2016 Pan African Film Festival offers visual diversity


As the rest of the entertainment capital remains embroiled in a discussion of the question of diversity and inclusion, the 2016 Pan African Film Festival (PAFF) is set to showcase an abundance of visual treats from every corner of the African diaspora.

Founder and executive director Ayuko Babu is justifiably excited about the 160 films in this, its 24th incarnation of the PAFF.

“We bring fresh, new stories from Black folks around the world every year,” says the activist and film aficionado, who shared just a few of the 160 offerings from the upcoming event.

Opening night on Thursday, Feb. 4 will highlight a screening of “America is Still the Place,” a narrative based on chronicling the real-life exploits of Korean War veteran Charlie Walker, who used the calamity of a 1971 San Francisco oil spill to carve out an opportunity to engineer his economic independence while saving a beach town from environmental ruin.

“Fifty,” an alternative take on African stereotypes, is set among the thriving upper-middle class environs of Lagos, Nigeria. This narrative is an examination of the middle-life crisis of four successful women as they juggle careers and family life in Africa’s largest city.

The snub of “Creed” and emerging actor Michael B. Jordan and director Ryan Coogler is one of the issues at the center of the current Oscar diversity conflict. The newest installment of the Sylvester Stallone’s venerated “Rocky” boxing saga has tentatively been penciled in for a Feb. 8 screening at 6:15 p.m.

“The Man who Mends Women” documents the heroics of gynecologist Dr. Denis Mukwege, whose quest to treat victims of gang rape in his native Congo, despite threats of violence and an assassination attempt, have earned him numerous humanitarian accolades.

Feb. 9 will feature “Silver Rain” a love story encompassing class friction and social separation, as a relationship blossoms between a couple from opposite ends of the economic strata in spite of the uneven political climate of modern Ghana.

This year’s centerpiece offering will feature “Agents of Change,” a documentary about the dual push at Cornell and San Francisco State universities for progressive educational reform in 1968. Given the political dissent witnessed in contemporary headlines, this film is especially relevant as the changes it documents triggered the rise of a thriving Black middle class, and spawned the launch of a generation of activists and social advocates. San Francisco State student activist and co-founder of PAAF, film star Danny Glover, along with educator, sociologist, and catalyst for the 1968 Mexico City Olympic protest, Dr. Harry Edwards will be among the attendees and hosts.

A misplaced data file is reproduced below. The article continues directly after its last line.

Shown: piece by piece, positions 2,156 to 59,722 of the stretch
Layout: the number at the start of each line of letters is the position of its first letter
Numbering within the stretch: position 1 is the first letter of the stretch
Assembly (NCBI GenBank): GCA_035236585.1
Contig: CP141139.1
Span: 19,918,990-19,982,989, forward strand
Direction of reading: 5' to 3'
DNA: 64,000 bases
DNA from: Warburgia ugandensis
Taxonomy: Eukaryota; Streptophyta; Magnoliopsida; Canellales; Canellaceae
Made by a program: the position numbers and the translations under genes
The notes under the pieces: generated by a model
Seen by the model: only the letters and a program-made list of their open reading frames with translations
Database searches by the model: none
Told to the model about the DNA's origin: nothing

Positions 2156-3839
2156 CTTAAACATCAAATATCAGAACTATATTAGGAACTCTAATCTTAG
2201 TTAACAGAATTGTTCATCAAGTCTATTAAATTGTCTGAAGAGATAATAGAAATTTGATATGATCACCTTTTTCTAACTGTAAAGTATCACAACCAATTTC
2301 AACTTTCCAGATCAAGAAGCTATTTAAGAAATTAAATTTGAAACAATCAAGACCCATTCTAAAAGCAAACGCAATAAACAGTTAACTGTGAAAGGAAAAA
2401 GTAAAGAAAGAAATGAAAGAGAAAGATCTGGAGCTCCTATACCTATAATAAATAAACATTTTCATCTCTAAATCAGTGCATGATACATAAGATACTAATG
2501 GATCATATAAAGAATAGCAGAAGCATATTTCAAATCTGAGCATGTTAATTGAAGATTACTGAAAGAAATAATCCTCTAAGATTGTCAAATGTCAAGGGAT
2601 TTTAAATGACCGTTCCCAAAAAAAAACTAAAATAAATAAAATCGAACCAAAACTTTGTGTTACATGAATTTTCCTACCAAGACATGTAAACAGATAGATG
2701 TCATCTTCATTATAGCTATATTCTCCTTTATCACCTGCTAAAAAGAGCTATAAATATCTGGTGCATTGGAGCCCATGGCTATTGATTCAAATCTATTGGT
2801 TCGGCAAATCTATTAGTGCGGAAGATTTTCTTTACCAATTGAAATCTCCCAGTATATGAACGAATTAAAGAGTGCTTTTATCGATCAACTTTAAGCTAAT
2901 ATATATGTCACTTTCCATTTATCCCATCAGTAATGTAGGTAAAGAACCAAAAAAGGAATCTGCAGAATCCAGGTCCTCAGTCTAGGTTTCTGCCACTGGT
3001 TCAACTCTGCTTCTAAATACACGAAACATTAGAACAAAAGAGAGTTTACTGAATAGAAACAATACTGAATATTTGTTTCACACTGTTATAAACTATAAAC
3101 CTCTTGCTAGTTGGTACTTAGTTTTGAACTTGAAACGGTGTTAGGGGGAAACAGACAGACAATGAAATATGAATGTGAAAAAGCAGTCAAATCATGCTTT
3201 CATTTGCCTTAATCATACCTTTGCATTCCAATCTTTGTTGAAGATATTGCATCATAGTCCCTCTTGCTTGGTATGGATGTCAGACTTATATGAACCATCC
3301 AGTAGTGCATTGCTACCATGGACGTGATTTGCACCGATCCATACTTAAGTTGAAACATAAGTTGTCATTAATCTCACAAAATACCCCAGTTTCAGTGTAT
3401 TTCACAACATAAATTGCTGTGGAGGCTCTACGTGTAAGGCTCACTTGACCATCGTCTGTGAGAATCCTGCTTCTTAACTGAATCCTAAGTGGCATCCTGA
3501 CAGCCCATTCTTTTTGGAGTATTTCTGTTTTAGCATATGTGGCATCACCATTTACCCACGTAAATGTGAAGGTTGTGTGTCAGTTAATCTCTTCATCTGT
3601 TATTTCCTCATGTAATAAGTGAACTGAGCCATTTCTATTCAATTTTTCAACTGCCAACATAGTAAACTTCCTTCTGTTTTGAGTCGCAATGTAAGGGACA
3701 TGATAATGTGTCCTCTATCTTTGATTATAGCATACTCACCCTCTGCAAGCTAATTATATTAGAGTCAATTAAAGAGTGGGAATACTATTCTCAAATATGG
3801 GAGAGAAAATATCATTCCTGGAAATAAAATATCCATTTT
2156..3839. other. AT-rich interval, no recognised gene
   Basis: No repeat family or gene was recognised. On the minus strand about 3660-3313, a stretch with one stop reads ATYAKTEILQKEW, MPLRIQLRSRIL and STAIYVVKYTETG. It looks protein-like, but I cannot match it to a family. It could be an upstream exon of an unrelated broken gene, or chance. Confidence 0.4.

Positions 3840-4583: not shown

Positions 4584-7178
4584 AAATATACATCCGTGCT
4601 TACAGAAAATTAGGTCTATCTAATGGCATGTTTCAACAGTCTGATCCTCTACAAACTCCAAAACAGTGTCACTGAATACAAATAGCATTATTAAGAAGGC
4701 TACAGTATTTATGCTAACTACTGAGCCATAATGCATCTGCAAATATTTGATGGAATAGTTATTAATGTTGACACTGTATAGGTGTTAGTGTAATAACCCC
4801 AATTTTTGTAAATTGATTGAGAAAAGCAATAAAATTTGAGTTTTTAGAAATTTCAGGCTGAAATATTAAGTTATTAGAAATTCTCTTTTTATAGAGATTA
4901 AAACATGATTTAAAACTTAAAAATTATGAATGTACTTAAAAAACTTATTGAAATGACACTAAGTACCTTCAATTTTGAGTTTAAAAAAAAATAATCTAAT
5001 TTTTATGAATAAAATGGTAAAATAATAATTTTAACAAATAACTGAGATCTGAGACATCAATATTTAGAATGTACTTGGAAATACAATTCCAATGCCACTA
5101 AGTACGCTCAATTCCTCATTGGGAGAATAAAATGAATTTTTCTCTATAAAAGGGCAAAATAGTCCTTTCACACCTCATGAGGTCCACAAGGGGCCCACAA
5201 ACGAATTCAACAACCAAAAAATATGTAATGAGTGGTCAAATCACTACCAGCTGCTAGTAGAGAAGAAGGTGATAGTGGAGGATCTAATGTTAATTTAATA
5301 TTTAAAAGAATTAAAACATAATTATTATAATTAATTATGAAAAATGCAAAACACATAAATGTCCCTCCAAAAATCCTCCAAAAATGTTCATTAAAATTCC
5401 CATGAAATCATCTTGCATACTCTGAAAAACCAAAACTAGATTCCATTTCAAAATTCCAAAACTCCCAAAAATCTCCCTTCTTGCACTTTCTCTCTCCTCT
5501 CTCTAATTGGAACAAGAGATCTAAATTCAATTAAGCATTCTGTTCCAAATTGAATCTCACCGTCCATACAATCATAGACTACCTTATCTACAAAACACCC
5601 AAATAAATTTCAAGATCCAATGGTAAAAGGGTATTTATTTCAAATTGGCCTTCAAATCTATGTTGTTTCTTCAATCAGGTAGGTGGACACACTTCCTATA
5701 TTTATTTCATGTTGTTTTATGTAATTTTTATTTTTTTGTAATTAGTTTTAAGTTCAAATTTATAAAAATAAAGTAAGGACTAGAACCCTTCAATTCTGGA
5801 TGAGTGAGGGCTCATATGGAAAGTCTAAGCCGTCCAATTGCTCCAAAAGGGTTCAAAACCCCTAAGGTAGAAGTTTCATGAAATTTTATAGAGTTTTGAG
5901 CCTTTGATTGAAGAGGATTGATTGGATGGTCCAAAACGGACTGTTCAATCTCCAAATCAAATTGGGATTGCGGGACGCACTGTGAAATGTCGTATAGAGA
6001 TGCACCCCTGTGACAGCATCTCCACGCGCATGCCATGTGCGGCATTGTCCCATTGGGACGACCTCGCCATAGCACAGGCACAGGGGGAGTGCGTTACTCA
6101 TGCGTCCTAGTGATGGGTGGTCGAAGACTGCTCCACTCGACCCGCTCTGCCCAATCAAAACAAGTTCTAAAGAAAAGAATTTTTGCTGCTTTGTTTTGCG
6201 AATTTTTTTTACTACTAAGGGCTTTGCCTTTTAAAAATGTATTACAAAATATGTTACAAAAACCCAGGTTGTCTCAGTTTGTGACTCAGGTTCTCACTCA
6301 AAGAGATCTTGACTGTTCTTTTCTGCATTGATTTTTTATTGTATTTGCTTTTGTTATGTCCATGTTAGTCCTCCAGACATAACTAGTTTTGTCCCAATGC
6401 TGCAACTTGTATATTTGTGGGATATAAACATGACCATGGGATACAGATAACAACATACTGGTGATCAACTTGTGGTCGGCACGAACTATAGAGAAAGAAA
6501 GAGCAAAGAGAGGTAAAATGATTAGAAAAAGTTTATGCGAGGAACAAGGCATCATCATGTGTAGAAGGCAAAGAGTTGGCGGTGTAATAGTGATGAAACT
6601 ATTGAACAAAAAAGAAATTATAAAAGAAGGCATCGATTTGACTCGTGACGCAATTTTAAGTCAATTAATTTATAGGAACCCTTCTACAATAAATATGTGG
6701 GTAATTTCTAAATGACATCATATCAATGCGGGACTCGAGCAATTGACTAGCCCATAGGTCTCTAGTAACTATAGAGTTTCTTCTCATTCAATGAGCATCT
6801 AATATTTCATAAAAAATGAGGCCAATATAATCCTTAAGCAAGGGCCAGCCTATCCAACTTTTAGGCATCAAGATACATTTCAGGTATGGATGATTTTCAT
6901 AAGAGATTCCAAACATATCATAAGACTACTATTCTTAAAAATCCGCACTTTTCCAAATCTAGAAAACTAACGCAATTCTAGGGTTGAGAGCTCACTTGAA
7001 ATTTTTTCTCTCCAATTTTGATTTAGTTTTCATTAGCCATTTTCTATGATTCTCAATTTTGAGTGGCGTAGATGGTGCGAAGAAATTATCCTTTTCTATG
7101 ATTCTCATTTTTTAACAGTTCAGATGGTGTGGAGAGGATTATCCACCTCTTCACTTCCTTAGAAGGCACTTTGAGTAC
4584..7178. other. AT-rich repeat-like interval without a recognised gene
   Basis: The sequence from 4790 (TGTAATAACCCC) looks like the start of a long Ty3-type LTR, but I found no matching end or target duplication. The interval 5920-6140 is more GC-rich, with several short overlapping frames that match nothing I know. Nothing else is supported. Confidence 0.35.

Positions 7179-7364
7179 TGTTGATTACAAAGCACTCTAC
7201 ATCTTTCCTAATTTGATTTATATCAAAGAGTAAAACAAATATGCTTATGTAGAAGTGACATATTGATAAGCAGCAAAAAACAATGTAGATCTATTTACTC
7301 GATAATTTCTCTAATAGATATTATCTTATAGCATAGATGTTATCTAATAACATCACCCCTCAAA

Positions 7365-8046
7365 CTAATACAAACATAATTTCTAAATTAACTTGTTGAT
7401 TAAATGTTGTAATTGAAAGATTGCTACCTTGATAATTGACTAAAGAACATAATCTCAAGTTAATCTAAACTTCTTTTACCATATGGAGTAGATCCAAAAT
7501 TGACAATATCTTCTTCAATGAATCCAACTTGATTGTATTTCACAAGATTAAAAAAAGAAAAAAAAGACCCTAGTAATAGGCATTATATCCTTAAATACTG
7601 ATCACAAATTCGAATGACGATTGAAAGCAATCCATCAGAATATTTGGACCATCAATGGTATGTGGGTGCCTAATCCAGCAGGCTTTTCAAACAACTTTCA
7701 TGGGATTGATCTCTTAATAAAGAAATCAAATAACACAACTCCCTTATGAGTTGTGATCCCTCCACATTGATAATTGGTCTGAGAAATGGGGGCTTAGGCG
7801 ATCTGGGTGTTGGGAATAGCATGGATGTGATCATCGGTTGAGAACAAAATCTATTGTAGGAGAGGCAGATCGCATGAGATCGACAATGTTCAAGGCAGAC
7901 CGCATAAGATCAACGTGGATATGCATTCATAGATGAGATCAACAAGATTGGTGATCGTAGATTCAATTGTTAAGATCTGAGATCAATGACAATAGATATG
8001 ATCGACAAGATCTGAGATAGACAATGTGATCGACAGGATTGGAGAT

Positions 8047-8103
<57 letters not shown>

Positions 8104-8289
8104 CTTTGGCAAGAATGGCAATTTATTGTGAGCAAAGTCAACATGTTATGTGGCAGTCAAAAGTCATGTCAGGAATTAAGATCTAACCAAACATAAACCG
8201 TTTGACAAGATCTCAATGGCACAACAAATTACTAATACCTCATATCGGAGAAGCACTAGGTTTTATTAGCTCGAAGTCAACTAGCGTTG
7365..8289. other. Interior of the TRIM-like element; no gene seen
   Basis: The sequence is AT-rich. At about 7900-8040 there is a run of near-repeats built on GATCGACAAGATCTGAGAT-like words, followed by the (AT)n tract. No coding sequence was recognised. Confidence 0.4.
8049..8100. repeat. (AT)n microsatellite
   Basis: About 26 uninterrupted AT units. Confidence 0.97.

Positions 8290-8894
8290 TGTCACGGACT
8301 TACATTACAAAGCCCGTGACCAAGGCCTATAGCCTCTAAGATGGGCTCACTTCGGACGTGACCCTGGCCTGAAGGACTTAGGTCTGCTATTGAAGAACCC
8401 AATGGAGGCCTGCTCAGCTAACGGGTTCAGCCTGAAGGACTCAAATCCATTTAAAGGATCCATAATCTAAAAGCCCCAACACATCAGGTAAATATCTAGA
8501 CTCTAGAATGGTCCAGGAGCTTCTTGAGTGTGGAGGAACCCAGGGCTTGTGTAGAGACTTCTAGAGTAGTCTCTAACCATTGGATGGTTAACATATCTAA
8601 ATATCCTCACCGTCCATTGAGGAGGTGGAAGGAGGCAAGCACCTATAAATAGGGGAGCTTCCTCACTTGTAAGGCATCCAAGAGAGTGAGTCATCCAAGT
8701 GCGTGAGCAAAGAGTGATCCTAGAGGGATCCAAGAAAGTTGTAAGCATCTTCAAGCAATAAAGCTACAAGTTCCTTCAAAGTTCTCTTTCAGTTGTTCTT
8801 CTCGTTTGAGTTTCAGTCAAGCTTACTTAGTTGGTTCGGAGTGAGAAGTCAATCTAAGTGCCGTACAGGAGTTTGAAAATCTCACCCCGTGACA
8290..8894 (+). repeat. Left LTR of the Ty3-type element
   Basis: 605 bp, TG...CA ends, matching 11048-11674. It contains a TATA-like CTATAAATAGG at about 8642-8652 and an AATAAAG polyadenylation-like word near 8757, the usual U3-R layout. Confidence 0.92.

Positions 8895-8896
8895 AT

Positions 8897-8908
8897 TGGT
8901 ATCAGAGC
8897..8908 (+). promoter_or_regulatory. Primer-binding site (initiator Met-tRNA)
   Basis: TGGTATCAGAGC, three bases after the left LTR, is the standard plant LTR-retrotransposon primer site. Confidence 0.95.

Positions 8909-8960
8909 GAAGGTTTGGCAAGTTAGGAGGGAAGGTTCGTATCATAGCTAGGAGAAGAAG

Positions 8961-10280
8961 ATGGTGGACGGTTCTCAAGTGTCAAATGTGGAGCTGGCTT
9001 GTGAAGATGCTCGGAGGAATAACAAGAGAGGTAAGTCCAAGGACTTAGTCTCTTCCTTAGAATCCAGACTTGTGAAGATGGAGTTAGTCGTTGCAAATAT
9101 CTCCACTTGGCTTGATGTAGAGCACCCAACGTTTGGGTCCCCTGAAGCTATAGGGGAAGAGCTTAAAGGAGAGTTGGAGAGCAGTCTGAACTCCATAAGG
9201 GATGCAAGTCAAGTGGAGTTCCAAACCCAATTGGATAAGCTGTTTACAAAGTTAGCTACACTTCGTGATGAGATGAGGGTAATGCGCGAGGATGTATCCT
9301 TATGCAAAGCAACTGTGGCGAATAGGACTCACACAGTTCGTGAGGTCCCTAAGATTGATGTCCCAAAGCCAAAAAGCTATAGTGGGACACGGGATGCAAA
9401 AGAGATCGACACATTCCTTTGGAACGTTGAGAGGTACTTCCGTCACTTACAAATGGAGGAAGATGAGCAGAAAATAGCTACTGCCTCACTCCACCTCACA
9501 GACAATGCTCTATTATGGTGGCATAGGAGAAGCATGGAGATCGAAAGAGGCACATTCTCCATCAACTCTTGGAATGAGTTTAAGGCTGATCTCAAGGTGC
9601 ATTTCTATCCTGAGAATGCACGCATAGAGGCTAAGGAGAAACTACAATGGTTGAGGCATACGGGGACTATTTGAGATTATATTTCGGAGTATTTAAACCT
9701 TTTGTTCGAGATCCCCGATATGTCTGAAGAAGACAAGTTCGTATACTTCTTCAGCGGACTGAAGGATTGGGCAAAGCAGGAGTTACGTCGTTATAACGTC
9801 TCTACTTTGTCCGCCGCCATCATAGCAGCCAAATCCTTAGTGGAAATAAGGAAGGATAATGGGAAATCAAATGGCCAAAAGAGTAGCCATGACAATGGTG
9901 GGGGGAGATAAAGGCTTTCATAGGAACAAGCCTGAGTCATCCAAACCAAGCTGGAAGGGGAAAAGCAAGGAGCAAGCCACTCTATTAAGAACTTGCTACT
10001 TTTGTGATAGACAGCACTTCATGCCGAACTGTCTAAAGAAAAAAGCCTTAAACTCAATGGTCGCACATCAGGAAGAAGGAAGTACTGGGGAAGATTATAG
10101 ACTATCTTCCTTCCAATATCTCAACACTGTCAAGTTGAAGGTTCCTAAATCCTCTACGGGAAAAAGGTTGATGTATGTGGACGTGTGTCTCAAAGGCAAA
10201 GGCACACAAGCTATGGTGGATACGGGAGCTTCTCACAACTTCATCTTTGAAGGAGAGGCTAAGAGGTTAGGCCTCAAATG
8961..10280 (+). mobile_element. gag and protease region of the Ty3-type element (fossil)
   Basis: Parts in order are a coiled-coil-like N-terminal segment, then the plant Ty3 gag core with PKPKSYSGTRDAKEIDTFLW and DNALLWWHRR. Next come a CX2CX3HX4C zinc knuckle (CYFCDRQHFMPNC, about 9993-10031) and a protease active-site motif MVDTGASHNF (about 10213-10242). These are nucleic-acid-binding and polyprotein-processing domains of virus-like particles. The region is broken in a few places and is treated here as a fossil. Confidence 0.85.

Actor/director Nate Parker, who highlighted this year’s Sundance Film Festival for his “Birth of a Nation,” a biopic appropriating the title of the infamous 1915 D.W. Griffith silent epic romanticizing the Klu Klux Klan, will host a panel discussion about the process he used to develope the film.

Parker’s version features the latest look at the 1831 slave rebellion led by Nat Turner and received a standing ovation. It also started a bidding war resulting in the $17.5 million purchase of the film by Fox Searchlight Productions. Parker will air clips from his directorial debut. This entry is a personal favorite for festival director Babu.”

A quarter century after his 1991 demise, trumpet legend Miles Davis remains a compelling figure, as much for his enigmatic personality as for his trend-setting career as one of the most influential and innovative jazz practitioners of the 20th century. Acclaimed actor Don Cheadle has penned an unconventional biography of the iconic musician for his initial foray in the director’s chair, and features a title taken from one of the musician’s seminal compositions and recordings, “Miles Ahead.”

The challenge of compressing the 50-year career of this sometimes polarizing and significant figure into a two-hour independently produced film is an arduous one, sure to generate controversy in much of the same way that its subject did during the course of his life. To augment this closing-night feature (Feb. 14 at 3:45 p.m.), PAAF has scheduled a panel discussion comprised of family, friends, and musicians associated with Davis including Ndugu Chancler, Bennie Maupin, Marcus Miller, and other special guests to be announced at a later date. Titled “Remembering Miles,” the panel takes place prior to the screening.

Now more than ever, Babu is adamant about the need for filmmakers of color to develop their own entertainment content, especially given the current political climate. The festival grew out of his personal participation in the mid-century civil rights struggles, and his appreciation for what he calls “… the most important art form of the 20th and 21st century.”

As in years past, other special programs and events will take place during PAFF that will enhance the cultural appeal of the occasion. These include a fashion show, a children’s festival which goal is to instill a positive appreciation of the African culture across the globe, and the ever-popular brunch and awards ceremony on Monday, Feb. 15.

The 24th annual Pan African Film Festival (PAAF) takes place at the Rave Cinemas Baldwin Hills 15, at 4020 Marlton Ave., in Los Angeles, from Feb. 4-15. More information may be accessed here, or by calling (310) 337-4737.